Communication between individuals through the use of words
is a complicated process. In addition to being an exercise
in the application and use of aeronautical knowledge, a
knowledge test is also an exercise in communication since
it involves the use of written language. Since the tests
involve written rather than spoken words, communication
between the test writer and the person being tested may
become a difficult matter if both parties do not exercise
care. For this reason, considerable effort is expended to
write each question in a clear, precise manner.
Preparing to Study for the Knowledge Test
Your instructor will direct you to the textbooks and other
sources of training and testing materials that are available
from the FAA's Airman Testing website.
Your instructor may use commercial publications as a source
of study materials, and these materials may be desirable,
especially for aircraft categories where government materials
The FAA develops and makes available to the public various
sources of aeronautical information. Some of this information
is free; other information is available at a nominal cost.
Of particular interest and value to those persons getting
started in flying are:
FAA-H-8083-27A, Student Pilot Guide;
FAA-H-8083-3, Airplane Flying Handbook;
FAA-H-8083-25, Pilot's Handbook of Aeronautical Knowledge;
Aeronautical Information Manual (AIM);
and Practical Test Standards (PTSs).
In addition, many aviation publications are available from
Suggested Study Materials
*NOTE: The Airplane related Books
that are available for Free Download on our website link
to the PDF files:
.14 CFR parts 1, 61, 67, and 91
.Aeronautical Information Manual
.AC 00-6, Aviation Weather
.AC 00-45, Aviation Weather Services
Pilots Weight and Balance
Airplane Flying Handbook
.FAA-H-8083-11, Balloon Flying Handbook
.FAA-H-8083-13, Glider Flying Handbook
.FAA-H-8083-21, Rotorcraft Flying Handbook
Pilots Handbook of Aeronautical Knowledge
.FAA-S-8081-3, Recreational Pilot Practical Test Standards
.FAA-S-8081-14, Private Pilot Practical Test Standards (Airplane)
*NOTE: Superseeded by the ACS (June
.FAA-S-8081-29, Sport Pilot Practical Test Standards (Airplane,
Gyroplane, Glider and Flight Instructor)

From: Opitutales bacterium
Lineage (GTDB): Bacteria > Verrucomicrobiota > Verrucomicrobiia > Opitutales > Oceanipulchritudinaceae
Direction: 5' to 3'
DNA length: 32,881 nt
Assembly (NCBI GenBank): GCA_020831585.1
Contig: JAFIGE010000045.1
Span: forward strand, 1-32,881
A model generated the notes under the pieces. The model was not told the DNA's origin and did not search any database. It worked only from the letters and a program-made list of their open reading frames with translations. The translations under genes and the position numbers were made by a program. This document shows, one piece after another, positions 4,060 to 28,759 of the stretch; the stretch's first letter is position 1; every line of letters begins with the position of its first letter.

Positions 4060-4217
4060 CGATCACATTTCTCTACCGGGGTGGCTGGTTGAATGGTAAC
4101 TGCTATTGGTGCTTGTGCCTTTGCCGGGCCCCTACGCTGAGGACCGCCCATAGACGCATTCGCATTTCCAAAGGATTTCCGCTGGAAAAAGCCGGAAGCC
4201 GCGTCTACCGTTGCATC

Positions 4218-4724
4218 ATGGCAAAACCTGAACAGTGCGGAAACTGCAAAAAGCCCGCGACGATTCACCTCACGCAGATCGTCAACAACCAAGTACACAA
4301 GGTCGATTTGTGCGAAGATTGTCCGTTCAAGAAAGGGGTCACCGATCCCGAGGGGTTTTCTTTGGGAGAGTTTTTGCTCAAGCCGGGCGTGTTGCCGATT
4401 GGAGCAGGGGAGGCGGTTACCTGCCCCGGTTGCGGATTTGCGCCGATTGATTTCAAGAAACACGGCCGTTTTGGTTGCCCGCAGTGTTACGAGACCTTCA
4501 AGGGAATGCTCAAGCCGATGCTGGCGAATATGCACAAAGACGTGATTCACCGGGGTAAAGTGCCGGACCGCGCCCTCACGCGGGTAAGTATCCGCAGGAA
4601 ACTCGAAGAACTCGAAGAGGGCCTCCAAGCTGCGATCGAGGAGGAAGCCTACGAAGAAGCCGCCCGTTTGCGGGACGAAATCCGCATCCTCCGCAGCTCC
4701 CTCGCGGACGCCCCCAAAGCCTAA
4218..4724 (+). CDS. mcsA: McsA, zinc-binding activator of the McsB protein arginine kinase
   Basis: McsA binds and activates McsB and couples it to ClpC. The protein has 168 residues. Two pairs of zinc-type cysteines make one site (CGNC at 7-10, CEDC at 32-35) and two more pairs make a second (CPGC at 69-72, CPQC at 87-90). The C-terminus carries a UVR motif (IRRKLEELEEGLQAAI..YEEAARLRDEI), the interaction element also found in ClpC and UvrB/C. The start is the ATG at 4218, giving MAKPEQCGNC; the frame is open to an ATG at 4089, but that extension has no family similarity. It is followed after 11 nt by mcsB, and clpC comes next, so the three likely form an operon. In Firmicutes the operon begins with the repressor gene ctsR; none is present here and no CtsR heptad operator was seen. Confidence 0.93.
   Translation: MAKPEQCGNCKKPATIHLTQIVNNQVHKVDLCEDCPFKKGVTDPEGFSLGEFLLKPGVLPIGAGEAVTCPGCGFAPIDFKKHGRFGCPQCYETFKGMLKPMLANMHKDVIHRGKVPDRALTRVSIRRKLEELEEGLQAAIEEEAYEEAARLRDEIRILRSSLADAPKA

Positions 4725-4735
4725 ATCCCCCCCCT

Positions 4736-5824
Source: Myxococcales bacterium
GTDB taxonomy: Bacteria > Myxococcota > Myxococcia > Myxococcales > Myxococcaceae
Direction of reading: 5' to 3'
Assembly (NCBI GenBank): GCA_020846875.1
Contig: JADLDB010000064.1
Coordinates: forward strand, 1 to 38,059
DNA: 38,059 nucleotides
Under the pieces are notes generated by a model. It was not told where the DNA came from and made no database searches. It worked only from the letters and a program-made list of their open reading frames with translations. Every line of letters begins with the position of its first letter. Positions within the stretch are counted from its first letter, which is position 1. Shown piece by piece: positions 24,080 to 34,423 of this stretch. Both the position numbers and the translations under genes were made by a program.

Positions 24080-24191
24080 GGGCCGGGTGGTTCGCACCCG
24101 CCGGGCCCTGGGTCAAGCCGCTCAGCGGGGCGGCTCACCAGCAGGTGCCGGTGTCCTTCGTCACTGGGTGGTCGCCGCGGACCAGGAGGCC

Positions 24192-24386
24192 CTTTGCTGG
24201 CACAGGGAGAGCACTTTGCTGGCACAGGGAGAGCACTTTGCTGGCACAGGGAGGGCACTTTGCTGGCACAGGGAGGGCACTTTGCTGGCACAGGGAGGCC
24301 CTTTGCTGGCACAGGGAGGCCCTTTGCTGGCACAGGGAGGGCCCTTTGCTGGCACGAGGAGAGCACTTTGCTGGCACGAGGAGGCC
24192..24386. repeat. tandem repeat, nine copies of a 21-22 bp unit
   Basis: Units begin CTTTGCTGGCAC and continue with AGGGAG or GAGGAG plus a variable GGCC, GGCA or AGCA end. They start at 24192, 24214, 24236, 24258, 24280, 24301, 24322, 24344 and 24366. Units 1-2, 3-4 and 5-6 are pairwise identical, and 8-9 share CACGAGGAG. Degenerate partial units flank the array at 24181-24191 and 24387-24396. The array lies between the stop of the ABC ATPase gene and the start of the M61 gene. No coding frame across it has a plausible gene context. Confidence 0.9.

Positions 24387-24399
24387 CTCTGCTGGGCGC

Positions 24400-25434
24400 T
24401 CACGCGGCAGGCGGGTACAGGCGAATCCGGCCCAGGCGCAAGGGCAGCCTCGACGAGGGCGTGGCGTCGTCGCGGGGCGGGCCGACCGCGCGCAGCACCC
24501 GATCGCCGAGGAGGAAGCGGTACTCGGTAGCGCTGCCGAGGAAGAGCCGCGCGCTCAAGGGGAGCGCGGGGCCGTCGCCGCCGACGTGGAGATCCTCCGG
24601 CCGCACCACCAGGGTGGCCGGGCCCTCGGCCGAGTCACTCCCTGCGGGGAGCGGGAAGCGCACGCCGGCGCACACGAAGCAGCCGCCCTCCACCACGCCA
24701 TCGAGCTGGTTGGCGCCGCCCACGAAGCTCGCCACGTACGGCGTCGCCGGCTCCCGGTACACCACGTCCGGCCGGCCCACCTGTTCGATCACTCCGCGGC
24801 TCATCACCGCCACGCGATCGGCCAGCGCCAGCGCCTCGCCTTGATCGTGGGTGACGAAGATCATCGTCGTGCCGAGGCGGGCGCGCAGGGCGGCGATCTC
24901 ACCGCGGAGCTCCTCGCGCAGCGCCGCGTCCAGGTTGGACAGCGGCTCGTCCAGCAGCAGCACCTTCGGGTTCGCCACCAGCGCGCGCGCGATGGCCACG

.FAA-S-8081-30, Sport Pilot Practical Test Standards (Airship,
Balloon, and Flight Instructor)
.FAA-S-8081-31, Sport Pilot Practical Test Standards (Weight
Shift Control, Powered Parachute, and Flight Instructor)
.FAA-S-8081-32, Private Pilot Practical Test Standards (Powered
Parachute and Weight Shift Control)
How to Obtain Study Materials
The current Flight Standards Service airman training and
testing material and questions banks for all airman certificates
and ratings can be obtained from the FAA's Airman Testing
A listing of all current Advisory Circulars is available
on the FAA's website.
The Airport/Facility Directory and Aeronautical Charts are
available on the FAA's website.
Airport/Facility Directory has been renamed the Digital
- Chart Supplement (d-CS), and can be found:
The National Transportation Safety Board Regulation part
830 is available on the U.S. Government Printing Office's
website at http://www.ecfr.gov/cgi-bin/text-idx?tpl=/ecfrbrowse/Title49/49cfr830_main_02.tpl.
Most airport fixed base operators and flight schools carry
a variety of Government publications and charts, as well
as commercially published materials.
How to Study for the Knowledge Test
You should follow your instructor's advice on what and when
to study. You should recognize the advantages of planning
a definite study program and following it as closely as
possible. Haphazard or disorganized study habits usually
result in an unsatisfactory score on the knowledge test.
The ideal study program is to enroll in a formal ground
school course. This offers the advantages of a school with
professional instructors, as well as facilities and training
aids designed for pilot instruction. Many of these schools
use audiovisual aids to supplement classroom instruction
or provide individual computer-based instruction.
For the applicant who is unable to attend a school, the
self-study method can be satisfactory, provided the proper
study materials are obtained, and a reasonable amount of
time is devoted to study. The applicant should establish
realistic periodic goals, and equally important, a target
date for completion. Self-discipline is important because
it is too easy to "put off" the study period for
some other activity.
The use of a training syllabus is an effective way for the
flight instructor to lead you through the proper steps in
learning to fly safely.
When beginning flight training, the development of good
study habits includes the practice of visualizing the flight
instructor's explanation plus those of the textbook.
Study habits should include time spent with cockpit familiarization.
This includes reviewing checklists, identifying controls,
and learning the cockpit arrangement.